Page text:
Magic has always fascinated us.
Ever since the dawn of time, we have attributed whatever we couldn’t explain to magic, and in turn, to gods.
Thunder, rain, sunrise and set, eclipses or pretty much any other natural phenomenon was considered magical/godly…and so were diseases, death, pestilence, draught, snakebite etc etc.
The word “magic” actually comes from Latin magicus, which in turn comes from the Greek adjective magikos. Heraclitus is credited with coining the term to describe the Persian Zoroastrian priests. So as we can see, even from the most ancient of times to the present day, we tend to describe whatever is alien to us, whatever we can’t explain to magic.
One feature of Ulysses, and one of the reasons of its popularity – magic, with Circe turning Ulysses and his crew into pigs. Hell, the Greeks even had a goddess of magic – Hecate.
The ancient Egyptians actually studied and philosophied about magic, for them magic wasn’t just magic, it was part of their religion. For them magic was made up of four components: the creator-god’s Ka or Heka, magical rituals known as Seshaw held within sacred texts called Rw and finally medicinal prescriptions called Pekhret. This magic was used in temple rituals as well as informal situations by priests. Magic was also used for protection against the angry deities, jealous ghosts, foreign demons and sorcerers who were thought to cause illness, accidents, poverty and infertility.
Our very own Atharva Veda deals with spells and incantations. We have mantriks and tantriks. A mantrik specializes in practicing mantra and a tantrik in tantra. And then there are the sadhus who perform miracles after gaining siddhdi.
This being India, 99% of these are frauds, like Satya Sai Baba or that murdering thug in Haryana. Our lives are so craptastic, that we want to believe, we need to believe, we through away our intelligence and start believing and following blindly (a phenomenon also known as AAPturdism and In Arsene We Trustism ).
The spread of Christianity and its contact with the pagan religions further complicated matters with all kinds of pagan rituals being associated with satanic rites and devils etc. The harassment forced some practitioners to even more extreme and often violent forms of magic in order to retain their followers. It gave rise to what was termed black magic, witchcraft, voodoo etc.
Christianity went through its reformation, and it allowed the growth of science. With the advancement of science, a lot has been explained, the mysticism and aura have largely gone. [The only people who still ascribe to the idea of heavenly or hellish interventions to natural phenomena are the religious fundamentalists, the gullibles and the super superstitious lot.]
Basically science tried its best to take magic away from us.
However, there is something deep within our psyche, our subconscious, which still feel the need for all things magical. We humans as a species have always felt the need for magic.
Our love of magic can be seen from the popularity of magical literature like the Harry Potter series.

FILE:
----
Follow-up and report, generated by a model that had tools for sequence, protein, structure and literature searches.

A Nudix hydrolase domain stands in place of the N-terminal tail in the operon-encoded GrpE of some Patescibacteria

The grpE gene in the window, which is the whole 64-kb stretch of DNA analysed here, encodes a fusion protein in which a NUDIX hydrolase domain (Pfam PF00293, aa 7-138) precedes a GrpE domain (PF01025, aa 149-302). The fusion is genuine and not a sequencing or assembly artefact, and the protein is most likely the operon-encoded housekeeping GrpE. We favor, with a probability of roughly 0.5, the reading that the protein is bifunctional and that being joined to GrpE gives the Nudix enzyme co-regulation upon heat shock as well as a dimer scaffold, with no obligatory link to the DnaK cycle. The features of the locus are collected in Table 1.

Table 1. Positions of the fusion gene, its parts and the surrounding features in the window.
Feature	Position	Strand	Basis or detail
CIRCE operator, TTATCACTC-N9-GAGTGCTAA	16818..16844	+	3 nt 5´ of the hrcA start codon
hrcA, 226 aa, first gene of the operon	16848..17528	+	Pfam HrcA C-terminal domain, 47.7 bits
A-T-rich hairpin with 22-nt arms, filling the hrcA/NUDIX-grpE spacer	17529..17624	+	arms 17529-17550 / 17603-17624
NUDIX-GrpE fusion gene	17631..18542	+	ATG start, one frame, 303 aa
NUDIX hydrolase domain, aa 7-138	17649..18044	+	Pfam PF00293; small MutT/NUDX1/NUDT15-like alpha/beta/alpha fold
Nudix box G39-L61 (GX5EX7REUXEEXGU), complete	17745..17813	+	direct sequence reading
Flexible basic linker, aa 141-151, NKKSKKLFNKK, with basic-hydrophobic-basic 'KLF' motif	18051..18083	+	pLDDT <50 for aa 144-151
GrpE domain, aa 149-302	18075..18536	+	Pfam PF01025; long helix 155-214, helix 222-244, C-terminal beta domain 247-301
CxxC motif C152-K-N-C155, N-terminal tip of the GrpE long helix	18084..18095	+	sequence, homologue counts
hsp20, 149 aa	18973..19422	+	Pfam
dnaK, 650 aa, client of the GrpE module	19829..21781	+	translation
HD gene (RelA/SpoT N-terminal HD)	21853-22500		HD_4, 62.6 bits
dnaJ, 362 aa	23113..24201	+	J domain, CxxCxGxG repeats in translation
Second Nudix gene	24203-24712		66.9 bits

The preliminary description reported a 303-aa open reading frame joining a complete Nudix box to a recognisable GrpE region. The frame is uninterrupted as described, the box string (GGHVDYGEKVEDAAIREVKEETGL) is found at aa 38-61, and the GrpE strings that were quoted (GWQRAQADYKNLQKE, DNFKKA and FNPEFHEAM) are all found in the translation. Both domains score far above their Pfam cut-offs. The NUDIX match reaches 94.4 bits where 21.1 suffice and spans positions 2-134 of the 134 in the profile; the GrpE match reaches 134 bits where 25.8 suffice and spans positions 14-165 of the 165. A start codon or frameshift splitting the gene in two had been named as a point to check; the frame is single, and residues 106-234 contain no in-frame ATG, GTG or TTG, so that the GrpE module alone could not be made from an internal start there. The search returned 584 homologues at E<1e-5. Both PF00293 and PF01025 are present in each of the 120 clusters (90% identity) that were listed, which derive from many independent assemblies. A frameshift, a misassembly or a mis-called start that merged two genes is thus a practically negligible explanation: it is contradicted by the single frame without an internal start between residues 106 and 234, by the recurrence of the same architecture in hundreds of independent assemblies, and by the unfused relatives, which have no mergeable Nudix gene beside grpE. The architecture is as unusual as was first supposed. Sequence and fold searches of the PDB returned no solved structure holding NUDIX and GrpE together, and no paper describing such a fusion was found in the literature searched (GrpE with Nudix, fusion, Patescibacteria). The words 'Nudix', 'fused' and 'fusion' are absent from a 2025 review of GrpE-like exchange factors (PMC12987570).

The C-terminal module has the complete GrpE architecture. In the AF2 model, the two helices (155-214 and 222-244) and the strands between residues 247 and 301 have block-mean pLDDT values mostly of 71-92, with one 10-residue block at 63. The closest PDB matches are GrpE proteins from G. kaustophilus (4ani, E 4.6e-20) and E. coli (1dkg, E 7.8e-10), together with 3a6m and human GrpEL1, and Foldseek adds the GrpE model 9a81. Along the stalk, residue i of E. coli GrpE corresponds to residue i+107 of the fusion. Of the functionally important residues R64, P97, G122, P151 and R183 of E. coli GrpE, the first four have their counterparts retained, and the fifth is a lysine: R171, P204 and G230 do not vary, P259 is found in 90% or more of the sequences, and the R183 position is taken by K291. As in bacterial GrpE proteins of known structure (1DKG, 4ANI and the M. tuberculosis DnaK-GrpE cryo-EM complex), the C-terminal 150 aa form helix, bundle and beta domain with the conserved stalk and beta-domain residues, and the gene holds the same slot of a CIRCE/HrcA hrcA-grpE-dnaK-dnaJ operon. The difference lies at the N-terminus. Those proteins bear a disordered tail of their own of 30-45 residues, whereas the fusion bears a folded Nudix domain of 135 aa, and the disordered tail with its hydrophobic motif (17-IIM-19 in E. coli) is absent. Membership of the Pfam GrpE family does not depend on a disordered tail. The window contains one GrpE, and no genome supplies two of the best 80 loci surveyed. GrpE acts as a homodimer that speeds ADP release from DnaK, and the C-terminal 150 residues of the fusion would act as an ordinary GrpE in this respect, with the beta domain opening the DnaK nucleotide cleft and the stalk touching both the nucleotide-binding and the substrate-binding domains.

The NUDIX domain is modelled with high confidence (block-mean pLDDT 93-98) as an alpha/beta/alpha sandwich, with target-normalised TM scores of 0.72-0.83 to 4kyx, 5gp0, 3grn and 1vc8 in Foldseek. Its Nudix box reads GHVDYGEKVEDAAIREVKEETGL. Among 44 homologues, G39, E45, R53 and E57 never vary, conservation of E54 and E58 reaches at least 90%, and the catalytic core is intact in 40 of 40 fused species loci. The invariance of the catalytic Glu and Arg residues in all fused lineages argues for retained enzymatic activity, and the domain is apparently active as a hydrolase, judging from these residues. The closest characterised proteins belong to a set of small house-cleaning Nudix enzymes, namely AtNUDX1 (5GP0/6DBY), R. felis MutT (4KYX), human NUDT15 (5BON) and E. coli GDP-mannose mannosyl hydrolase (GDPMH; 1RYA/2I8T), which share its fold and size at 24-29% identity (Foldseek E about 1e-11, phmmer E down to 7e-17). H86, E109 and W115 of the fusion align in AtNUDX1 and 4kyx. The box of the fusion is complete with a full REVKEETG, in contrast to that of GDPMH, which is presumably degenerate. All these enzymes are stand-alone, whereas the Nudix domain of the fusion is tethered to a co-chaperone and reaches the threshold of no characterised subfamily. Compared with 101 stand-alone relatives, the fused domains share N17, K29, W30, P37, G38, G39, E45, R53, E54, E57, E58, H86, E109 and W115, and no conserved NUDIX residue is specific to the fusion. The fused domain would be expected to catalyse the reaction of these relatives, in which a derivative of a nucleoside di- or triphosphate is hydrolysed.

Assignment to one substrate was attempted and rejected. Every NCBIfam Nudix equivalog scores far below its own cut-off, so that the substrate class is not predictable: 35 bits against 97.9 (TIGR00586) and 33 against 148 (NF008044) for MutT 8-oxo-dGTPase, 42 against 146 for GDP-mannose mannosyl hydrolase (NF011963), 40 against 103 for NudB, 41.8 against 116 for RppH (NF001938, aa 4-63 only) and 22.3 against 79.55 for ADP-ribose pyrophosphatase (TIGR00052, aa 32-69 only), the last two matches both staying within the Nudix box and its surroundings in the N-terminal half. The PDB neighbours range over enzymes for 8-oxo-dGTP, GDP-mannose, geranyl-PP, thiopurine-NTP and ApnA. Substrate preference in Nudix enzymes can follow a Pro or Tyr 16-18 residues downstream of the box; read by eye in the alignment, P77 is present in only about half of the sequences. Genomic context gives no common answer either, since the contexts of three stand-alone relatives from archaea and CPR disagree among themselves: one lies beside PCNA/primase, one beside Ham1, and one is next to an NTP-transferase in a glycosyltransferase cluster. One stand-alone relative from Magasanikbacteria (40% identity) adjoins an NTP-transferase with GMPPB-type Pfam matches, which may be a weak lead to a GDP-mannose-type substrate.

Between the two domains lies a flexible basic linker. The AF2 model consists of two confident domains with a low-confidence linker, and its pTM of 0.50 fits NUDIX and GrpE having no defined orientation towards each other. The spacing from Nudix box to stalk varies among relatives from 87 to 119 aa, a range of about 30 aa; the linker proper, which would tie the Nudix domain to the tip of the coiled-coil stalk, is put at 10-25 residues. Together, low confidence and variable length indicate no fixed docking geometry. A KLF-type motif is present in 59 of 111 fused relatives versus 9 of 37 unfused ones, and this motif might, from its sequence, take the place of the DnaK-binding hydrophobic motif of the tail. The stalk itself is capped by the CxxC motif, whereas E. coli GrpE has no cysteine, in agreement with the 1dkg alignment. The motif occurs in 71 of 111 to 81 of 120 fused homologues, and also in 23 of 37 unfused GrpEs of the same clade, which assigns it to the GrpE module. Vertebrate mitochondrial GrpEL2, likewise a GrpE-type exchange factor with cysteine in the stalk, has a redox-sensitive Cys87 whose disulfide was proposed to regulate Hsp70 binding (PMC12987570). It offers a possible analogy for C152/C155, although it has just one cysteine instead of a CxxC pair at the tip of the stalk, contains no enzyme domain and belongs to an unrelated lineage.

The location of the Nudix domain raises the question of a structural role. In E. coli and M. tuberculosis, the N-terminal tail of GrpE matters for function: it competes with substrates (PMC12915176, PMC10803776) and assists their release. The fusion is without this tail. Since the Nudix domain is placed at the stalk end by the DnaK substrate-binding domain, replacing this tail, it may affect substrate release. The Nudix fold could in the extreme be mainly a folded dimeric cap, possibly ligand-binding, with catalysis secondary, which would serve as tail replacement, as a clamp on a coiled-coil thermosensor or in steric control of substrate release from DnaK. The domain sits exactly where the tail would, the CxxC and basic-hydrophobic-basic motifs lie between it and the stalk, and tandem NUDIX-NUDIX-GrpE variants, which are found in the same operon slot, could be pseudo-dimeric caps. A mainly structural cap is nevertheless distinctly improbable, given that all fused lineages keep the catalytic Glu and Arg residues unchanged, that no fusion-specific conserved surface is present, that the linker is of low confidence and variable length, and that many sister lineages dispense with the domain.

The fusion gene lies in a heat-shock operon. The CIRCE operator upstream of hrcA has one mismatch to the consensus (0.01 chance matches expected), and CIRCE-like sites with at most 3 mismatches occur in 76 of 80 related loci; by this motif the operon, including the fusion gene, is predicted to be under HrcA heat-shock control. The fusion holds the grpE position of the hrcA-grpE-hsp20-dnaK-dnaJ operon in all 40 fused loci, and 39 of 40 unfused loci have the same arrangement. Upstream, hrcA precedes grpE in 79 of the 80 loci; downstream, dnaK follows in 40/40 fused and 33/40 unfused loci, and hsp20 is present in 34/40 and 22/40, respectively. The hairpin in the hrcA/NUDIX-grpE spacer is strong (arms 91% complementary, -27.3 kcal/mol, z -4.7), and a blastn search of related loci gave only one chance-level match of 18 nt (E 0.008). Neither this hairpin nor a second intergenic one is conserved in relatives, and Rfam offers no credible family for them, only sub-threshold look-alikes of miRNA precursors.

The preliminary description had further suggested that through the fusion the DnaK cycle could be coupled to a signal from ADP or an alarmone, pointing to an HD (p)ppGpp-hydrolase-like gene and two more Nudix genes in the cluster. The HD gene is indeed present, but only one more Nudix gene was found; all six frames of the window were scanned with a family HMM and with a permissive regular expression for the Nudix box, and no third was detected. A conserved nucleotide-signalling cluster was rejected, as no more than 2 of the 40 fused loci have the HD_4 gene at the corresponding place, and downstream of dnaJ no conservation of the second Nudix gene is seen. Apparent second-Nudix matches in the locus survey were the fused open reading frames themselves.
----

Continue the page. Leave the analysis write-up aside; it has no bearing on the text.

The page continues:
Look, I like Potter as much as the next man, but you have got to admit that Eoin Colfer’s Artemis Fowl series, with its reverse Batman like storyline, is much more complex and fascinating and enjoyable. Rick Riordan’s series about Greek, Egyptian and Roman mythologies are also both educational and highly entertaining.
Macbeth is considered Billy the Bard’s greatest work , primarily because all men who have ever had a mother or a girlfriend or a wife can immediately identify with the constant nagging of Lady Macbeth and can empathise and sympathize with Macbeth’s condition.
Terry Pratchett’s Discworld series has liberal uses of magic, witchcraft and wizardry with the members of the Unseen University, Granny Weatherwax, Nanny Ogg and Tiffany Atching (and the Nac Mac Feegle) all playing prominent parts in a number of books. There are magically created golems and dragons as well as vampires and werewolves and dwarfs and trolls and zombies and Nobby Nobbs and the Luggage and of course the Librarian.
And of course there is Gandalf.
And because we like magic, we need magic, illusionists have been popular more or less since the dawn of time. From Jean Robert Houdin to Alexander Herrmann, from John Henry Anderson to J N Maskelyne and Cooke, from Harry Houdini to Siegfried and Roy, from David Copperfield to our very own PC Sirkar and PC Sirkar Jnr, all have entertained us and won our hearts.
They are comedic and in their gimmick Teller never speaks. What makes the even better is that for the last few decades, they have waged a war on superstition, fraud etc to help people. What’s more – they are agnostic.
These guys are extremely funny, entertaining and often educational. Watch them whenever you can.
Comedy Central, well on its way to becoming the best non-sport channel out there, recently showed a series called Penn and Teller: Fool Us.
The concept was simple, magicians will come on stage and do magic tricks. If Penn and Teller can figure out how the trick was performed, the magician loses; if however they can’t, then they have “fooled” Penn and Teller ans ill get a show in Vegas as reward.
It was easily one of the most entertaining shows of the year. I usually hate reality shows (barring Amazing Race) but I was engrossed and entertained. Try and watch it when you can. Here are some clips.